3. The Information Provided must lead to a Collection of Monies by the I.R.S.: The one basic requirement of the Informant Program is that the information provided must be (a) specific, (b) credible, and (c) result in the collection of taxes, penalties, interest, or other amounts. The I.R.S. encourages Informants to submit supporting evidence, but cautions prospective Informants not to violate the law to obtain documents or supporting information. Only “solid information” will be rewarded; no “educated guesses” will be honored.
4. You Can Report both Corporate Tax Cheats and Individual Tax Cheats: It is important to bear in mind that Informants may report on, and receive awards based on, tax cheating by both corporate and individual tax cheats.
5. Informant Awards Range from 15% to 30% of the Amount Collected: There are two types of awards: (a) if the taxes, interest and penalties at issue for a corporate tax cheat exceed $2 million, or an individual tax cheat with an annual gross income over $200,000, the I.R.S. will pay between 15% and 30% of the amount collected; (b) for informants who report tax cheats who do not meet those dollar amounts, the awards to Informants have a maximum of 15% of the amount collected, and a maximum payment to the Informant of $10 million. The I.R.S. decides precisely what percentage is to be awarded; a disappointed Informant can appeal the decision.
6. If the Informant is Responsible for the Tax Cheating, the Informant Award may be Reduced, or Even Denied: Caution must be taken if the Informant is in whole or in part responsible for the tax cheating. Involvement in the tax cheating will likely reduce the Informant Award. If the Informant, himself or herself, is convicted of tax cheating based on his or her role in planning or initiating the reported non-payment, the law requires the I.R.S. to deny any award whatsoever.
7. The Informant cannot be an “On The Job” Government Employee: Claims submitted by employees of the U.S. Department of the Treasury will be denied, as will claims submitted by persons acting within the scope of their duties as employees of any Federal, state or local government.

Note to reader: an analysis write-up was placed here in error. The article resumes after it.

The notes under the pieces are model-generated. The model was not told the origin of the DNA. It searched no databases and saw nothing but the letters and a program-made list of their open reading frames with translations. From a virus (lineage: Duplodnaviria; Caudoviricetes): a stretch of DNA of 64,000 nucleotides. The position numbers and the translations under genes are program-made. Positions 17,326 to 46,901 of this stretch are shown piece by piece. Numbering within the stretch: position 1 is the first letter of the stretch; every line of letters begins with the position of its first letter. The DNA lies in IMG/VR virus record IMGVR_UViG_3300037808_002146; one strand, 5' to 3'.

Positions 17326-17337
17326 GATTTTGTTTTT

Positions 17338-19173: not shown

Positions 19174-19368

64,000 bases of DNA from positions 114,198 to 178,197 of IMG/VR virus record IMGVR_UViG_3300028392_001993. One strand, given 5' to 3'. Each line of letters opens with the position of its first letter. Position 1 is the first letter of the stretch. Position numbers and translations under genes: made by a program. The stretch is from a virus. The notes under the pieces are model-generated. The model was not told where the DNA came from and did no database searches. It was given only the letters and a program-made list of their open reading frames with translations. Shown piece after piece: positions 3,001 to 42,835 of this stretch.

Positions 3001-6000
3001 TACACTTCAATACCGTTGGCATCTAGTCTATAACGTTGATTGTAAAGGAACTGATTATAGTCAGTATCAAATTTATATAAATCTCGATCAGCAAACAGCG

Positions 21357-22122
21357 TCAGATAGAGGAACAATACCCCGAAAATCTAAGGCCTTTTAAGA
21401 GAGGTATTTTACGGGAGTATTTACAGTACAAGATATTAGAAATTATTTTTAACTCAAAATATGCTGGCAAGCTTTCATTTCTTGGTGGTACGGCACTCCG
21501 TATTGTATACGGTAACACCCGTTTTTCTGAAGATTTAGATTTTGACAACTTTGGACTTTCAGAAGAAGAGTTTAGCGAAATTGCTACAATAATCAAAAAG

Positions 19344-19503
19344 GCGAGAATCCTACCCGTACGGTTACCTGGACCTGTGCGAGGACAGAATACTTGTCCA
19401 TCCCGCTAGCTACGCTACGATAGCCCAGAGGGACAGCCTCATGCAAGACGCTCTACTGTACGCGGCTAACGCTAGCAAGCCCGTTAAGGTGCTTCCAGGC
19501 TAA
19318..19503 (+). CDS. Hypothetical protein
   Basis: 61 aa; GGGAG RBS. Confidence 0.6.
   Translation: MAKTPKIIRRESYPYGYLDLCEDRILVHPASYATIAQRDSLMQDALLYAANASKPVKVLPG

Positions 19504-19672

8. Sorry: Informant Awards are Taxable Income: While it may seem unfair, even these Informant Awards are considered taxable income, upon which taxes must be paid. In fact, the I.R.S. withholds federal income tax before transmitting checks for Informant Awards. Sure enough, “they get you, one way or the other” when the I.R.S. is involved.
If you’re interested in obtaining a completed Model I.R.S. Informant Claim form, along with an outline of supporting evidence, simply [click here].
If you’re interesting in obtaining experienced Legal Counsel to assist you in the process of filing an I.R.S. Informant Claim, simply [click here].
Keep in mind that our military, our roads, and our entire federal government depend on people and corporations paying their fair share of taxes. And keep in mind, too, that while individual employees have their taxes withheld from their paychecks, corporate employers operate more on an “honor system.” Sometimes, however, responsibility does not arise until people feel accountability, and that’s what the I.R.S. Informant Award is all about.
Always be proactive. Always be creative. Always be persistent. Always be vigilant. And always do what you can to achieve for yourself, your family, and your career. Take all available steps to increase and secure employment “rewards” and eliminate or reduce employment “risks.” That’s what SkloverWorkingWisdom™ is all about.
*A Note About Our Actual Case Histories: In order to preserve client confidences, and protect client identities, we alter certain facts, including the name, age, gender, position, date, geographical location, and industry of our clients. The essential facts, the point illustrated and the lesson to be learned, remain actual.
Please Note: This Newsletter is not legal advice, but only an effort to provide generalized information about important topics related to employment and the law. Legal advice can only be rendered after formal retention of counsel, and must take into account the facts and circumstances of a particular case. Those in need of legal advice, counsel or representation should retain competent legal counsel licensed to practice law in their locale.
© 2011, Alan L. Sklover All Rights Reserved. Commercial Use Prohibited. [Attorney Advertisement]